Category: Sioux Falls

August 1st, 2013

At 8:45 PM, my bike becomes a land speeder, racing against time, dodging blinking lightning bugs and fighting against the wind. My goal is to get home before dark. My wheels creak and my tires give – both too old and neglected to handle many more rides. I’ve been doing this for as long as I can remember, yet every time feels like I’ve just learned how to stay up on two wheels.

My ass hurts. My legs are sore. Just a few more miles.

My arm tingles: I’ve been on the trail long enough that it’s starting to fall sleep. My bike doesn’t fit my body very well – in fact, it probably never did. It’s an issue I don’t bother with because next week (and it’s always next week) I’m going to buy a new one. I deserve it. After fifteen years, I’d say I’ve earned it. After two colleges, three cities, thousands of rides and hundreds of curse words directed at its unreliable gears and scraping brakes, this simple machine is ready to be put down for good.

My rides are getting longer, these days, though I still don’t play the part. I’m still missing the lycra shirts and the bike shorts, missing the toe clips and the slick helmets. I don’t race, and I don’t mosey. I don’t use my bike as transportation, or for exercise. I just use it as a thing I can ride. My skull looks like a shiny black mushroom, and my years-old Pacers shirt is becoming ragged. I bike in sandals and cargo shorts. I look like someone’s father. Which, I guess, is exactly what I am.

I ride through a pocket of cold river air, goosebumps forming. I wipe a gnat out from the corner of my eye and breathe in the smell of water and fish and mud. I dip away from the river and into a park, my tires like a machine gun over the wood slatted bridge as I exit the bike trail and head away from its endless loop. My ass still hurts.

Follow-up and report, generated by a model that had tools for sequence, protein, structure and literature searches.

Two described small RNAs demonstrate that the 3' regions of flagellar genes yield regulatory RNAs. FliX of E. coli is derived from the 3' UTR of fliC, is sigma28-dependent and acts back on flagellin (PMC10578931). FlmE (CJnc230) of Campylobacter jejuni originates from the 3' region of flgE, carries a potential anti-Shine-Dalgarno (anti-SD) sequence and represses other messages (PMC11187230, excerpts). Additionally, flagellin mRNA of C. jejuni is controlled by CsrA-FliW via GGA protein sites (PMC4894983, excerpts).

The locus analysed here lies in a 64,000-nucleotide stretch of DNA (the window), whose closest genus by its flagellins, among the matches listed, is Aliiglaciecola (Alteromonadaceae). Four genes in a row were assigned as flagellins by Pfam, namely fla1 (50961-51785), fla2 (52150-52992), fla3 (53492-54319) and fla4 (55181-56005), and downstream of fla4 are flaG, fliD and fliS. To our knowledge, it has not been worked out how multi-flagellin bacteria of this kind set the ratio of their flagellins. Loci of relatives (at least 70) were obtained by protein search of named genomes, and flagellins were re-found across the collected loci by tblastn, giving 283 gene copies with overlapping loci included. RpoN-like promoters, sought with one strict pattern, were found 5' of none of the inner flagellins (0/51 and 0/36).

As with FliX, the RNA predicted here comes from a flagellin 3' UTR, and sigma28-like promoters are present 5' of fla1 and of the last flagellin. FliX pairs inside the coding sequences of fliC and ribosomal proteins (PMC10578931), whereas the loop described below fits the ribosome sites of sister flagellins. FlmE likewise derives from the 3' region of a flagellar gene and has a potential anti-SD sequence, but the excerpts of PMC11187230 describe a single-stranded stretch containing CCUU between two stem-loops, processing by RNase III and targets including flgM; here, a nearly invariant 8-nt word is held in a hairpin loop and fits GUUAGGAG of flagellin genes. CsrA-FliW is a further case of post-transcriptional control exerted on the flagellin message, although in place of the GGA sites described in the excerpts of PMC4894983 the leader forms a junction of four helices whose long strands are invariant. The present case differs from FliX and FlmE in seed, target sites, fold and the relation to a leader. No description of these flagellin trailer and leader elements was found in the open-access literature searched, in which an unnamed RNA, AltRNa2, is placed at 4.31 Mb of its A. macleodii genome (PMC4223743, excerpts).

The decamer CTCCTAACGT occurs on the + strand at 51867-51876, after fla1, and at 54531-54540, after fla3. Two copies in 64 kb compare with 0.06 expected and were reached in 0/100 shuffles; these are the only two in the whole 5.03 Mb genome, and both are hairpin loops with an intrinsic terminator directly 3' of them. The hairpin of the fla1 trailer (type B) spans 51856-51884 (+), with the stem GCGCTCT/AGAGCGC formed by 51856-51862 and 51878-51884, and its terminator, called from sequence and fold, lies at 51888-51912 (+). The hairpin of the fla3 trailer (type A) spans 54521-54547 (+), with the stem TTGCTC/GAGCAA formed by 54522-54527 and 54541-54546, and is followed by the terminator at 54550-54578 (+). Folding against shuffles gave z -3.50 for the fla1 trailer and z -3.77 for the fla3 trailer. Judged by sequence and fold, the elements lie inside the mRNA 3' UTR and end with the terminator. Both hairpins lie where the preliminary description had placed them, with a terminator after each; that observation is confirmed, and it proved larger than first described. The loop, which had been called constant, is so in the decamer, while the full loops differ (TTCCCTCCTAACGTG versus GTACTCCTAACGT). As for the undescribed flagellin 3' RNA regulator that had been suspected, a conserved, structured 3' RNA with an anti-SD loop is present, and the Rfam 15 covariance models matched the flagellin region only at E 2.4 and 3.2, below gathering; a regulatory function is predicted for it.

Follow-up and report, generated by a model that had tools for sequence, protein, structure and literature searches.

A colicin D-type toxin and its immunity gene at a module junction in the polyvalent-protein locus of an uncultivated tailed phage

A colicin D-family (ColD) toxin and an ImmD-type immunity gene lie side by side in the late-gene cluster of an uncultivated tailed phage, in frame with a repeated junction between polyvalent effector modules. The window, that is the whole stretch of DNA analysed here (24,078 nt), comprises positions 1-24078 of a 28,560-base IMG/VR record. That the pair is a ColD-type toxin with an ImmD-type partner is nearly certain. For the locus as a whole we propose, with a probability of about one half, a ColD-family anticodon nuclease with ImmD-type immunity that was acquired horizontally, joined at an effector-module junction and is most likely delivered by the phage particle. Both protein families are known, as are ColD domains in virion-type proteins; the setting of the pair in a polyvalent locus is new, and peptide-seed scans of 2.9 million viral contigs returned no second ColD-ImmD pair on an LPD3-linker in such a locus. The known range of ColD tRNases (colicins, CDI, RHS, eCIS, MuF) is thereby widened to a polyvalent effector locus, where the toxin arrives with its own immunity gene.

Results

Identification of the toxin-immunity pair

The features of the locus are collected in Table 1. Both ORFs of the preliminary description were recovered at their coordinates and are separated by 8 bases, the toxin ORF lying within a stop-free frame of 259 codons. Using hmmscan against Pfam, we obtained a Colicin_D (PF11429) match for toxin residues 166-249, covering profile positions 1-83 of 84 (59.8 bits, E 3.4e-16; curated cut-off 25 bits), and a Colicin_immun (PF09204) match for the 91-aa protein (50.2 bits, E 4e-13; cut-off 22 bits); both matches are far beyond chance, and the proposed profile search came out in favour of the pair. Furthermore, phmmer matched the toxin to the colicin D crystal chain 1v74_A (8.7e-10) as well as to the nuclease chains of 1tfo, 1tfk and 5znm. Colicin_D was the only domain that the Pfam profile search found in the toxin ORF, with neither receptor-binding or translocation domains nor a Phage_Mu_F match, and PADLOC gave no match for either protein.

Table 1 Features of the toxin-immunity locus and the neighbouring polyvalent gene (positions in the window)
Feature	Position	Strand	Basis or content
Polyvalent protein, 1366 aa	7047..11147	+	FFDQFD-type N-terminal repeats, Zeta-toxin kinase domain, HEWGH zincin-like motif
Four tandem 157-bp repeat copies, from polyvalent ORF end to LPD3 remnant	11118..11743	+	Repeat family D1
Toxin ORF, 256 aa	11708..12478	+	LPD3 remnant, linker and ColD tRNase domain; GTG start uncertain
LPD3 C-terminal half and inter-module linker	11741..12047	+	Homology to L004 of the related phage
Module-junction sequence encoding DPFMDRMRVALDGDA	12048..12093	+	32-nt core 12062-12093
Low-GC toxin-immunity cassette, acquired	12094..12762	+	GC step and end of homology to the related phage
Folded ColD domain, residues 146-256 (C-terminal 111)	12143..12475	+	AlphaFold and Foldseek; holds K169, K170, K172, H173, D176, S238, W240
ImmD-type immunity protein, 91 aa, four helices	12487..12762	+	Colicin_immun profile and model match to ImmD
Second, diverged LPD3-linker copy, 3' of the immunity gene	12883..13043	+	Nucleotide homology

And as the sun rests, my breath labored from the final hill, I look at my phone. It’s 9:05 PM, now, and I’m home. And all I can think about doing is getting back out for another ride.

April 3rd, 2011

It wasn’t that this was a conference about marketing and creativity, because it wasn’t. Not at all. It’s billed as such, but that’s not the point.

It wasn’t that this conference had a slew of inspirational speakers, either, because to be honest not all of them were all that inspirational. Some of them sort of talked about themselves without offering any real insight, and others outlined their book for an hour, and still others tried hard not to drop names but couldn’t be helped.

But there’s something about OTA Sessions. Something pretty special. Something we don’t usually get in Sioux Falls.

OTA Sessions was about something and the speakers all offered context and though I didn’t learn anything I didn’t already know, that’s not really what these conferences are for.

I didn’t receive any knowledge. That’s cool.

In it’s place, I received rejuvenation. All offered through three overarching themes.

Embrace your differences

Like Sally Hogshead says: it’s up to us to be ourselves. To steer clear of becoming someone we’re not. To find our difference and own it.